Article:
Amy Bleuel, the founder of mental health non-profit Project Semicolon, died March 23 at the age of 31, her organization confirmed. Bleuel's death has shaken the mental health community not only because they lost a vital advocate, but because she died by suicide.
Bleuel was known for pioneering the semicolon tattoo, which gained popularity as a representation of resilience in the mental health community. The tattoo mirrors the grammatical concept: even when your sentence seems to be finished, it can keep going.
Project Semicolon was founded in 2013 as a way for Bleuel to honor her father, who she lost to suicide at the age of 18, and to provide hope and support to others who struggle with mental illness, suicide, addiction, and self-injury. "Project Semicolon exists to encourage, love and inspire," the organization says on its Facebook page.
Bleuel struggled with mental illness and previous suicide attempts, according to The Mighty. She spoke openly about this and encouraged others to learn about mental illness and open up about the struggles and stigma surrounding it.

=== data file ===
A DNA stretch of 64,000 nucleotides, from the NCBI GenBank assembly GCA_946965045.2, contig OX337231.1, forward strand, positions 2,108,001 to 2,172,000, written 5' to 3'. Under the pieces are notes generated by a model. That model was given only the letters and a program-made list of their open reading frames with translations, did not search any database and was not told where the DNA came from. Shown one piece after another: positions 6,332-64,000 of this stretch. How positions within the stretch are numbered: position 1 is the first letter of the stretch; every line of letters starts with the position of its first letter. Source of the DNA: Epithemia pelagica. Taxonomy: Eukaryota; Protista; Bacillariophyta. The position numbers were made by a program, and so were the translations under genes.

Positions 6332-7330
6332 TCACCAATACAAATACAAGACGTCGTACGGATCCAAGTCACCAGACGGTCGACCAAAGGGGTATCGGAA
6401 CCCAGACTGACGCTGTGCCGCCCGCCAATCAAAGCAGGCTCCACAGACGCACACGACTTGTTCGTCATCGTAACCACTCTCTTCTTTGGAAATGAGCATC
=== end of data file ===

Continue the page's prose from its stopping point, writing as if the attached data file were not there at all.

“It’s a reminder for the suicide prevention community that we still have work to do,” Dan Reidenberg, Executive Director of Suicide Awareness Voices of Education, said to ATTN:. “We still need to be available and aware that even if someone seems to be doing very well, things are going on inside that could be troubling.”
But even as the suicide prevention community mourns Bleuel ’s loss, thousands have taken to Twitter and Instagram to share gratitude for Bleuel ’s powerful contributions to mental health advocacy, and to share messages of hope and support.
Suicide is the tenth leading cause of death in the U.S., according to the American Foundation for Suicide Prevention, and it is estimated that for every suicide, there are 25 suicide attempts. But knowing the warning signs of suicide can save lives.
Suicide is widely recognized as a concern of public health, and destigmatizing mental illness and supporting mental health care is imperative to breaking a cycle of mental health shame.
"When we think about serious mental illness, suicidal behaviors and suicide, it evokes anxiety, shame, confusion [and] sometimes anger, depending on the circumstances," said Dr. Victor Schwartz, medical director of The Jed Foundation, to U.S. News & World Report. "And if you don't understand something, you can't take sensible actions to think about it or respond to it."
Many resources are available if you or If you or someone you know is struggling with thoughts of self-harm or suicide. Call the National Suicide Prevention Lifeline at 1-800-273-8255, call The Trevor Project at 866-488-7386, or text “HOME” to the Crisis Text Line at 741-741 for crisis text support.